Do investors in Meta Platforms stock know something that the rest of Wall Street doesn’t? Since the company changed its name from Facebook
in late October, the stock is up 8%. Yet there’s been no corresponding increase in the consensus estimate of the company’s future earnings.
On the contrary, the recent trend among Wall Street analysts has been to revise estimates downward. Over the last month, far more of the four dozen analysts monitored by FactSet have downgraded their earnings estimates for Meta Platforms than increased it.
At the end of September, as I pointed out a couple of weeks ago, the consensus analyst EPS estimate for calendar 2022 was $16.12. Now it is $14.45. There has been a similar reduction in the consensus estimate for the 2023 calendar year. (See the chart below.)
What has caused the stock’s rally in the face of declining earnings estimates? The most obvious culprit is the company’s name change, since — as I reported before the company changed its name — the market typically reacts favorably to name changes that eliminate unfavorable references. But could Facebook’s name change really have led to this big of a rally in the face of declining earnings estimates?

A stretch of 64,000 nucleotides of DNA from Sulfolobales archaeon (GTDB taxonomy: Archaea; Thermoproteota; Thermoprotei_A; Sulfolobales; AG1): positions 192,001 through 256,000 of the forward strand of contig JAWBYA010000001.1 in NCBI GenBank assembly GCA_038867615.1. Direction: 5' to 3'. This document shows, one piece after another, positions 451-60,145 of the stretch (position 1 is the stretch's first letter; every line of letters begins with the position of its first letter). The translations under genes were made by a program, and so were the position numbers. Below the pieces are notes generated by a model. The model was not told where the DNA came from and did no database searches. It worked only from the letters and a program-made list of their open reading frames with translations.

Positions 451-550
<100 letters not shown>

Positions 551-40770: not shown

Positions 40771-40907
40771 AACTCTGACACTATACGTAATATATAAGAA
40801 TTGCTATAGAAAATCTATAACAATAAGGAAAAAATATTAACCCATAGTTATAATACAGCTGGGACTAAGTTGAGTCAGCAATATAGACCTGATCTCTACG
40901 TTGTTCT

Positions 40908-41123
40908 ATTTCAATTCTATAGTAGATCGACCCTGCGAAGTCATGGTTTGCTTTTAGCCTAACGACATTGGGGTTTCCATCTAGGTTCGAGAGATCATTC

For insight, I reached out to Michael Cooper, a finance professor at the University of Utah and chair of its finance department. In an interview, he said he was not particularly surprised. In fact, he added, it would be consistent with the results of his past research if Meta Platforms’ stock continues to beat the market for several more weeks. He and other researchers have found that the honeymoon glow of a name change can last for as long as a couple of months.
Neither Cooper nor other researchers I am aware of have studied the long-term effect of name changes. But it’s difficult to see how it will lead to a permanent increase in the stock price. Eventually earnings have to catch up.
For the moment, though, Meta Platforms has shrewdly changed the narrative away from the awful publicity about Facebook’s effect on our society, and towards the huge potential of the so-called metaverse. Few can even agree on a precise definition of the metaverse, and yet many are already asserting breathlessly that it could be just as big and profitable as the internet. Stocks remotely associated with the metaverse are soaring.
This all seems scarily reminiscent of the irrational exuberance at the top of the internet bubble. Unless the downtrend in Wall Street consensus estimates reverses in coming weeks, you might want to use this exuberance as a reason to lighten exposure to Meta Platforms stock.
Mark Hulbert is a regular contributor to MarketWatch. His Hulbert Ratings tracks investment newsletters that pay a flat fee to be audited. He can be reached at firstname.lastname@example.org